Carpenter bee

'Carpenter bees'
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Carpenter bee (Xylocopa virginica)
on Redbud (Cercis canadensis)
Scientific classification


Carpenter bees (Xylocopinae subfamily) are important pollinators, especially of open-faced flowers, though they are also known to "rob" nectar by boring holes in the sides of flowers with deep corollas (thus not accomplishing pollination). The smaller species tunnel into pithy stems to build their nests. Other species bore holes in wood and can become pests in wood construction.


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Carpenter Bee

Carpenter bees are often mistaken for bumblebees. They are similar in size and coloring. The primary physical difference is on the abdomen. Carpenter bees have a shiny black abdomen. Bumblebees have a fuzzy abdomen with some yellow coloring.

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The primary difference in the appearances of a bumblebee and a carpenter bee is the shiny black abdomen


Similar to termites, carpenter bees are a problem for wood-framed homes. They make nests by tunelling into wood. They make an initial upward hole in any overhang. Then, they make many horizontal tunnels. Because of their pollination skill, some people allow carpenter bees to stay around the home in the early spring, repairing the damage later. There are also programs for attracting carpenter bees to areas they are needed by supplying them with suitable nesting holes in blocks of wood.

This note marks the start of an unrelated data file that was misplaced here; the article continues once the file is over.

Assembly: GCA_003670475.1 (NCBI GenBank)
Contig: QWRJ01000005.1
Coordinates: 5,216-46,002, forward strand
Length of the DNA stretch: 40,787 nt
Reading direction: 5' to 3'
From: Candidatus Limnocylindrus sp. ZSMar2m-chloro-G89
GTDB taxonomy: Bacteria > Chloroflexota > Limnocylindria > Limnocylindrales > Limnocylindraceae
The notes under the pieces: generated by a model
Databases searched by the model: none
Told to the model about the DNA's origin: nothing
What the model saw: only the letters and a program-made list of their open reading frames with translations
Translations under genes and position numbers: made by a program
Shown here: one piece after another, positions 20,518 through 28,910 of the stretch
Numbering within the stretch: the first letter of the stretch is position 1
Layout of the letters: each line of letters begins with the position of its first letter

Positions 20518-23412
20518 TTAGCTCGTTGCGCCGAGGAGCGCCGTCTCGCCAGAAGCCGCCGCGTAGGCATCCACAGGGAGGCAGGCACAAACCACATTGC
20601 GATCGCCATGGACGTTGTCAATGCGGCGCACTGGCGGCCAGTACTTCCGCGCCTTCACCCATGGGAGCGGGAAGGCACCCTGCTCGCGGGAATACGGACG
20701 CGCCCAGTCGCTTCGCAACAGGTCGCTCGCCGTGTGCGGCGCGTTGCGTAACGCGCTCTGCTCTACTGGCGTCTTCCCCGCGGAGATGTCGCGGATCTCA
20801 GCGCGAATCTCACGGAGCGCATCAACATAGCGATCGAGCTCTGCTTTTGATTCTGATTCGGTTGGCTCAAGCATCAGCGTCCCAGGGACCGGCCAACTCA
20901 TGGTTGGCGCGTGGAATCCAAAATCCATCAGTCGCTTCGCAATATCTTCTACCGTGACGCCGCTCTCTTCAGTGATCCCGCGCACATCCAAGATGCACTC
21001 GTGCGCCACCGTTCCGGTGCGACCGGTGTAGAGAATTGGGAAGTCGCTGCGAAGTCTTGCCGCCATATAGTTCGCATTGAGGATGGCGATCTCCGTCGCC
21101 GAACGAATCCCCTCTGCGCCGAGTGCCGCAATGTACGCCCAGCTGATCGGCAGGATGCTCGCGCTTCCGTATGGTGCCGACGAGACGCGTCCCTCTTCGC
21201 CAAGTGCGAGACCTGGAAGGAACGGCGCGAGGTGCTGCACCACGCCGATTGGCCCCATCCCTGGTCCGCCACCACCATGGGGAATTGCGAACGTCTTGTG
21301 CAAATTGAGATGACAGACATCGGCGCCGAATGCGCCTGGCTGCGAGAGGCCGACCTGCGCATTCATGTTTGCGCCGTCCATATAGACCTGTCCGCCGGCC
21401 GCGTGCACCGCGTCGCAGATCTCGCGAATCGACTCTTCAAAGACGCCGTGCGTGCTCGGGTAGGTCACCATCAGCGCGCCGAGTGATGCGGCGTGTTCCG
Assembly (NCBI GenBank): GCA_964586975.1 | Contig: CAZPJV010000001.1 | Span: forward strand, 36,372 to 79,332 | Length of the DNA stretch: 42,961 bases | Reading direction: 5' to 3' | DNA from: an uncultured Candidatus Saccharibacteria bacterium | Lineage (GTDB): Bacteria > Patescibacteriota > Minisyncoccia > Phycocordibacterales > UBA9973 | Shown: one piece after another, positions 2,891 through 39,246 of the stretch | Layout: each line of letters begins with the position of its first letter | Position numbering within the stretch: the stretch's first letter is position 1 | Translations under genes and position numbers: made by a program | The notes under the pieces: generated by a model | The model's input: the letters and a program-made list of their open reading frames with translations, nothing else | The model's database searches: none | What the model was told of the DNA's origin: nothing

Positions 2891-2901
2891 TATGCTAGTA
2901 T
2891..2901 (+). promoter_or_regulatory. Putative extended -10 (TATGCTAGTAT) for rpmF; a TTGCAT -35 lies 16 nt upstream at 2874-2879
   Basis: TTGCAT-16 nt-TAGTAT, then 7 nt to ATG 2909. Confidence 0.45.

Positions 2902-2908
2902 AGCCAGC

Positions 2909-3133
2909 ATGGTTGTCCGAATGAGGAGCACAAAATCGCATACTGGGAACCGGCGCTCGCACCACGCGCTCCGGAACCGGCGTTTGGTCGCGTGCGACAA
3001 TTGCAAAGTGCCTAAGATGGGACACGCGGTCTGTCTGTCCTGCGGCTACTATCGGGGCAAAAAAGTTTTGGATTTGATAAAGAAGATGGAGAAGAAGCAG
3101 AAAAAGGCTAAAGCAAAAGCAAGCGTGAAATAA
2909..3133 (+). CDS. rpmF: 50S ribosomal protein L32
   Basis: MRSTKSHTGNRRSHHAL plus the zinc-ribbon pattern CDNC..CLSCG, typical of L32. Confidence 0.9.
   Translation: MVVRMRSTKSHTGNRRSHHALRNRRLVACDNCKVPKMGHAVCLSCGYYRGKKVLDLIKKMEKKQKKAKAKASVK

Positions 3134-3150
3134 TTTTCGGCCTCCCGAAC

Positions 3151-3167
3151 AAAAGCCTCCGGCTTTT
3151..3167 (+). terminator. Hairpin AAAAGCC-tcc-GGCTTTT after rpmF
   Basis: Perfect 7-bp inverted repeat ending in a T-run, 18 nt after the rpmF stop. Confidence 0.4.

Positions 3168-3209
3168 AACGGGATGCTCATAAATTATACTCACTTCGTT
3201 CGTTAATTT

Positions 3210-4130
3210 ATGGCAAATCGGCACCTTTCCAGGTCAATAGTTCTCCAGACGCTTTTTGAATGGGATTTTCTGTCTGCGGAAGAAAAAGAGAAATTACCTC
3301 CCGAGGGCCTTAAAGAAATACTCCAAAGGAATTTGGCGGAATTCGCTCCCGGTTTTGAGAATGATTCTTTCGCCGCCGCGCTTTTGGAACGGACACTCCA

Carpenter bees spend the winter as adults inside abandoned nests. Then, they emerge in the spring to mate and lay eggs. The female will usually bore longer tunnels in the nest for the eggs while the male collects pollen for larvae feed. Active nests in a home can have considerable damage in just a few years.

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A pair of carpenter bees. The nearby hole is the opening to their lair

Carpenter bee nests are rather easy to spot. They bore the opening hole directly up into the bottom of an overhang. The entrance hole is about 11 millimeters in diameter. Because the female continually bores longer tunnels, there is usually a collection of fresh sawdust below the hole. Also, the sound of a boring carpenter bee is very loud and can be heard easily. To deter carpenter bees from making nests in your home, you should keep all wood painted or stained. Paint is a better deterrent than stain, but it is important to avoid having bare wood available as it is very inviting to a bee looking for a place to start a new nest.


Male carpenter bees are aggressive and will challenge anyone, including humans, that comes near their nests. However, the males do not have stingers and cannot cause any real harm. The female carpenter bees are far more docile, but have the ability to cause a painful


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